I grew up in late 60's - early 70's
in Philadelphia when violence was everywhere, and folks had to know where and when they could walk alone. Between the race
riots, Vietnam War protests, assassinations, and the explosion in organized crime and drugs on the street, it seemed like
everybody hated everyone else. It was all about turf: where you could walk in the neighborhood, who had rights, and what gang
you belonged. I grew up on Regent Street, southwest of center city below 58th Street and west of 30th Street Station and the
River. We had a yard and a two-storied house. Hard working parents, who taught us to be respectful of everybody, no matter
their color or background, raised me. Sometimes as a kid, I worked as a laborer on side jobs next to black guys,
and by the end of the day we all ended up a pale grey color from the cement dust. I never understood the whole race issue
because I was taught to ignore it.
There was a gang in
my neighborhood called "Dirty Annies" named after a store where the gang hung out. I wasn't sure if I was a wannabe
or not, but an incident one day sealed the deal for me; I would not become a gang member. One of my classmates Bubbles Morone,
just a neighborhood kid, was stabbed to death by a black gang for no apparent reason; he was alone and helpless. The mob violence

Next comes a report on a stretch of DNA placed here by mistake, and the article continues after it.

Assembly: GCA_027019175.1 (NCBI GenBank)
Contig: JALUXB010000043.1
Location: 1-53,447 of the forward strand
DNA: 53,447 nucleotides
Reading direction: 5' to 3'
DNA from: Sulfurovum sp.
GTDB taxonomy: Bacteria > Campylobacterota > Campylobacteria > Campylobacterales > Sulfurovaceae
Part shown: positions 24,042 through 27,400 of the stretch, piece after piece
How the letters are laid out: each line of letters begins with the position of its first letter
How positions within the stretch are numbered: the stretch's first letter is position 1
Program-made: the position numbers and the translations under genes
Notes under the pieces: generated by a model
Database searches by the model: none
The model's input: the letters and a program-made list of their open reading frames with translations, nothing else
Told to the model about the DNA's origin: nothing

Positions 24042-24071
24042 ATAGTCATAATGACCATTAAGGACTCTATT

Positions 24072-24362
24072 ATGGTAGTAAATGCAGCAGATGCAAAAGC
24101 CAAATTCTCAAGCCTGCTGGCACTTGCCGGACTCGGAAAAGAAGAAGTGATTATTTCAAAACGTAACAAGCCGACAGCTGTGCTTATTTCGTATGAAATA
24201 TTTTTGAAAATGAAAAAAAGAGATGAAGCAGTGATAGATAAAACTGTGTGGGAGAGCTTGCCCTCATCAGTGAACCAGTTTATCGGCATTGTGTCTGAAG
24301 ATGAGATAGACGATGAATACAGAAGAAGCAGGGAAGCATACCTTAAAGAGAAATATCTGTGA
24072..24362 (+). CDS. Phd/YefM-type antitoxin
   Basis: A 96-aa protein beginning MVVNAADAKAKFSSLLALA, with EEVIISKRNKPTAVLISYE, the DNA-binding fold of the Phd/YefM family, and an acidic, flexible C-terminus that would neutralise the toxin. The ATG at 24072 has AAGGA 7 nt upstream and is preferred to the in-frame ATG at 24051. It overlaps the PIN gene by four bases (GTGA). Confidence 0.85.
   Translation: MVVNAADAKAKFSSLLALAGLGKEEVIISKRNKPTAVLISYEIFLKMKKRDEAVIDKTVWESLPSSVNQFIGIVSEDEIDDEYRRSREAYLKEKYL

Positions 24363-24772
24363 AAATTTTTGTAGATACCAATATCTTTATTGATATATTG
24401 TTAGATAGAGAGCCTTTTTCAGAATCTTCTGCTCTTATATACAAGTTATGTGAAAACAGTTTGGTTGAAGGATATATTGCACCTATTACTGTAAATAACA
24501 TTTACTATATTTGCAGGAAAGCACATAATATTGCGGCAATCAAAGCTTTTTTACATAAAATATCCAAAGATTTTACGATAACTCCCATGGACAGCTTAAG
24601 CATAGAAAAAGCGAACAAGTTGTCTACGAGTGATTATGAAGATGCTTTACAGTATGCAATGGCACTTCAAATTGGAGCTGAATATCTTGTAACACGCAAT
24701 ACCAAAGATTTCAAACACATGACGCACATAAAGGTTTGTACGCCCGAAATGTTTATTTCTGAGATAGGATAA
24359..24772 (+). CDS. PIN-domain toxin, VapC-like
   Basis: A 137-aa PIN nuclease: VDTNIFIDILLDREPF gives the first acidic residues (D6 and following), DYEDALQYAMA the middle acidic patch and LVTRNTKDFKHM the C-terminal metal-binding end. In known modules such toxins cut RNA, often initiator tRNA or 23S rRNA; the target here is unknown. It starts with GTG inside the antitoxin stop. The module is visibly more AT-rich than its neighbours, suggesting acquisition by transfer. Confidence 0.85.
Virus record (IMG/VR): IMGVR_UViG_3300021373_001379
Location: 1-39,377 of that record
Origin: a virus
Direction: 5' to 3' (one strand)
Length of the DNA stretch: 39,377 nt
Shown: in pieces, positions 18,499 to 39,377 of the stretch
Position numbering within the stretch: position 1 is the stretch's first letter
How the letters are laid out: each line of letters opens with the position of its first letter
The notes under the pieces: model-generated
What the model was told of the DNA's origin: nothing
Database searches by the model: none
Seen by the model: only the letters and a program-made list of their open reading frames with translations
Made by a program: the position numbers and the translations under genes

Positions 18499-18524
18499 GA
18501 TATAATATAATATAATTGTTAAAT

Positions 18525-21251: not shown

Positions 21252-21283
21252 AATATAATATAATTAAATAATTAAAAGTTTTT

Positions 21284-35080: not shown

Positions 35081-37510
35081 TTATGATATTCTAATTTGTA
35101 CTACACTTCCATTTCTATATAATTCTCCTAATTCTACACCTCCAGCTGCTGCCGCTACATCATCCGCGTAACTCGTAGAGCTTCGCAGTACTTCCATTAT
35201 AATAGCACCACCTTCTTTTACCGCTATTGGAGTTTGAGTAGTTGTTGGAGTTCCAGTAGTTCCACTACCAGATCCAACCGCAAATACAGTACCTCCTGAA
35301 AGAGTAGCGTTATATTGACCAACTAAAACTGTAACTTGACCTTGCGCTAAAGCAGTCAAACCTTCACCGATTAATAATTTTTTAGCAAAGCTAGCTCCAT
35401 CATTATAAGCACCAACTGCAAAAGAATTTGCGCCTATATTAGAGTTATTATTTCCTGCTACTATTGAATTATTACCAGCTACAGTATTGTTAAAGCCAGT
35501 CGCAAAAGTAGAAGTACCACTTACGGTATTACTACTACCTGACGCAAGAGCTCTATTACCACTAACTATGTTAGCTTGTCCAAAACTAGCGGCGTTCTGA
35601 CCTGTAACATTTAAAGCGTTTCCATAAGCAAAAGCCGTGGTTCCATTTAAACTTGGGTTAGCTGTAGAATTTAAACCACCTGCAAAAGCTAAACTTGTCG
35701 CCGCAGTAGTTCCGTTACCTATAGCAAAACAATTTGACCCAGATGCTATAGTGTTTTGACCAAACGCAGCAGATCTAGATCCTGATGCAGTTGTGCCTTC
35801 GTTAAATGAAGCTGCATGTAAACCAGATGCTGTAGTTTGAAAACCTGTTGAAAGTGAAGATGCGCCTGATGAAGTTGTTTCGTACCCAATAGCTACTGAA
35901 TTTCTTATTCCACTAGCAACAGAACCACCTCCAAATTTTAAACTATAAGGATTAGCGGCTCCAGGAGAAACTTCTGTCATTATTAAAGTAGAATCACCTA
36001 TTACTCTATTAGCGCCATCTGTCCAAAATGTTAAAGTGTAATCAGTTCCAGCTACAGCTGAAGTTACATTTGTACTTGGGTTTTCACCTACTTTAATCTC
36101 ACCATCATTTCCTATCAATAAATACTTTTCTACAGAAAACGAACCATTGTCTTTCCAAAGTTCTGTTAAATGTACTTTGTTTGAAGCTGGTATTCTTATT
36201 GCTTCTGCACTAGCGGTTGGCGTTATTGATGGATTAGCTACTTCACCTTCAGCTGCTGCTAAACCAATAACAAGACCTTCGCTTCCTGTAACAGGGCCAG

is pure random hatred, and it made me angry.
A bunch of
us went looking for revenge, on who I never knew, for we never learned who stabbed Bubbles. Shit, I didn't even really know
him. He was in my grade at West Catholic, but other than that, I didn't know him. What was I thinking? I started heading home.
I was alone, roaming the streets and searching for God knows what, when I was confronted by 400 young black guys coming down
Cobbs Creek Parkway. They were picking up chains and any kind of makeshift weapon they could find. I ran to find the other
guys and told them to get the hell out of the neighborhood, but I was too late. By the time I found them, the throng was closing
in on us. We ran to a church at 58th and Chester Ave. This was it; I knew we were going to die.
The cops arrive. Two plain SEPTA busses pulled up, and the Boot Cops emptied out and formed
a skirmish line between us and the crowd, which the news reported as over 500 by that point. The Boot Cops (the Highway
Patrol) didn't wade into the crowd or shout; they just stood their ground. We froze and watched as the cops did their
stutter stepping, a half step at a time. The sound of their boots hitting the asphalt in front of them made the walls shake.
They moved into a "V" type wedge and kept going forward, with the "V" getting larger and larger. The crowd
parted like the Red Sea. No injuries, no nonsense but a lasting memory and a turning point in my life. I wanted that respect.
Some say it may have been fear, but I believe it was the professionalism that the crowd couldn't deal with; they knew those
guys weren't going to put up with any nonsense, no matter who you were. It was like watching an expeditionary force; they
came, they saw, they removed the threat, they left. They won the battle by acting and moving as one, no emotion, just a job
Ok, I was in. Where did I sign up?